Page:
*The Connected Child book club is hosted by Sarah Thacker.
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3 Comments leave one →
  1. peaceliving permalink
    November 22, 2010 11:15 pm

    I’ve been reading with interest about your two boys. We have two boys ourselves right now from foster care (just short term) and even at age 2.5, we see a lot of differences between how we parented our own boys (and even how I taught in the classroom) and how these traumatized boys need to be responded to. I got a wonderful recommendation to read Beyond Consequences, Logic & Control which shows how the boys’ acting out is often instinctual, coming from the fight or flight (or freeze) part of the brain. That when they’re acting out, they aren’t even capable of using logic, but often need that cuddle you mentioned instead of the time out. They need to know they are safe because their behavior is triggered by past experiences and the fear their body remembers. The time to discuss the correct behavior is later once their brains are out of that overstressed reactive mode. It was really interesting and different from any other books I’ve read about kids who have experienced trauma. If you find that your standard ideas aren’t working, I’d recommend that book. Of course, you’ll find what works for you over time. Best of luck with your new little ones.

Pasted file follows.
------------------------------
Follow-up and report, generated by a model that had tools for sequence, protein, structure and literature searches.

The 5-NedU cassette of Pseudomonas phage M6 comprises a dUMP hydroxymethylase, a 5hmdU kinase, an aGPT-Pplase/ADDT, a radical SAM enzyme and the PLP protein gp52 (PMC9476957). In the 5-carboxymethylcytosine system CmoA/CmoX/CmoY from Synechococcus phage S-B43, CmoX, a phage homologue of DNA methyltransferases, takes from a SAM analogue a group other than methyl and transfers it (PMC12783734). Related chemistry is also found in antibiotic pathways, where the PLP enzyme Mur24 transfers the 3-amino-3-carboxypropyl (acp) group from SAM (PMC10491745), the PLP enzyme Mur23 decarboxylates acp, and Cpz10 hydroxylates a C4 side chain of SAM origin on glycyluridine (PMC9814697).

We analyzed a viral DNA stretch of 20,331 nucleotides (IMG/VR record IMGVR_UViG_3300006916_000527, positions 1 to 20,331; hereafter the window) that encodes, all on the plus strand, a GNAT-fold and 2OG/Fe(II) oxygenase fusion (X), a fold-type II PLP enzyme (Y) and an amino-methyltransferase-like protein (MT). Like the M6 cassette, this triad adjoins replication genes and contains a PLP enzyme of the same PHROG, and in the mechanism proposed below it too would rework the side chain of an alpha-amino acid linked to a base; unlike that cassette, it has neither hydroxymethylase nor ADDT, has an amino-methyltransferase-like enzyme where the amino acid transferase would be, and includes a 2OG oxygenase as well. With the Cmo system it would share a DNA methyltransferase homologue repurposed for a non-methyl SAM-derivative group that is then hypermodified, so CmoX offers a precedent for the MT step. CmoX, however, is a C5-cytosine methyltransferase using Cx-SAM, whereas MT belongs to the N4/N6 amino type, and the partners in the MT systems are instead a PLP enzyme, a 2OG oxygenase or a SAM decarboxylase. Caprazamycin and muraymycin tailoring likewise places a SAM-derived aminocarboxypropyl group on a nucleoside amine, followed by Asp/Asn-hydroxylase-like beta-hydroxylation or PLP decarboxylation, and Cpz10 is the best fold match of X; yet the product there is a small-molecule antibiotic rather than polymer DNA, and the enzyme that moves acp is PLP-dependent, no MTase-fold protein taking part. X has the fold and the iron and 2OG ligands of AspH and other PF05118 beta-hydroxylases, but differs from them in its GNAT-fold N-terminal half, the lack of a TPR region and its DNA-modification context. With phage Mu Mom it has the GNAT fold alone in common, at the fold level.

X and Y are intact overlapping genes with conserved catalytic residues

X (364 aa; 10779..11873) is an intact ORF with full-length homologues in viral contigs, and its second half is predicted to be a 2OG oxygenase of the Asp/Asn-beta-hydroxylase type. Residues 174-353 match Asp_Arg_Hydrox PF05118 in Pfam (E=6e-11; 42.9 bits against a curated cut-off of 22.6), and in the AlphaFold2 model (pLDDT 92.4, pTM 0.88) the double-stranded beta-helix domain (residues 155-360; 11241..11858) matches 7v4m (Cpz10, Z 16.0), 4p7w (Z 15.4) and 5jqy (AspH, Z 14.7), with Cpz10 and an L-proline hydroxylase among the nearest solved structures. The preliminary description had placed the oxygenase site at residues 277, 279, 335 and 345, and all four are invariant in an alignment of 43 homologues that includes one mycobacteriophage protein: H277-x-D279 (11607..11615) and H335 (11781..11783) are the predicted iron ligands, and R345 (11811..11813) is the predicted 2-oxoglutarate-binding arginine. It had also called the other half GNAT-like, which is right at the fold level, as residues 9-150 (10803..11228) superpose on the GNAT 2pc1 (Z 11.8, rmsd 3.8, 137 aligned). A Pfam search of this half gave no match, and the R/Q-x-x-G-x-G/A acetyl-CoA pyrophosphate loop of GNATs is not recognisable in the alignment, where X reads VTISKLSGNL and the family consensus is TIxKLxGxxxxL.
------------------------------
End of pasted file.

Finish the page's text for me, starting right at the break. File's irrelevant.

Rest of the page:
• November 23, 2010 9:12 am

      I’ve heard about Beyond Consequences but just haven’t picked it up yet. Dr. Purvis also speaks a lot about “fight or flight.” I had a moment with A this morning that required a time-in and cuddling. We don’t have any bio kids but I think under different circumstances, with a different kid I would have just used a time-out. I feel like we made a little progress today. Thanks for your input…I really appreciate it!

      • November 29, 2010 6:23 pm

        Our boys moved on to their long term foster care home on Wednesday. It was a tough situation because when you have bio kids (ours are 4 and 6) and foster kids (ours were 11 mos and 2.5 years) who need completely different parenting styles and consequences, it’s confusing for all of the kids. We’re thankful for the experience because it helped us realize that for our own boys’ sakes we’ll be taking younger kids from now on, at least until ours are old enough to understand more. God teaches us through each and every placement, doesn’t he? I hope you’re finding your groove.

        It seems to me that it takes almost a month to really understand how to approach each child. We were lucky that we already had a trip planned a few weeks into our first placement so we could sort of regroup and think about how to address our foster boys more effectively. Remember to use respite caregivers if you need it, even just to have a rational discussion with each other about how to move forward with your boys!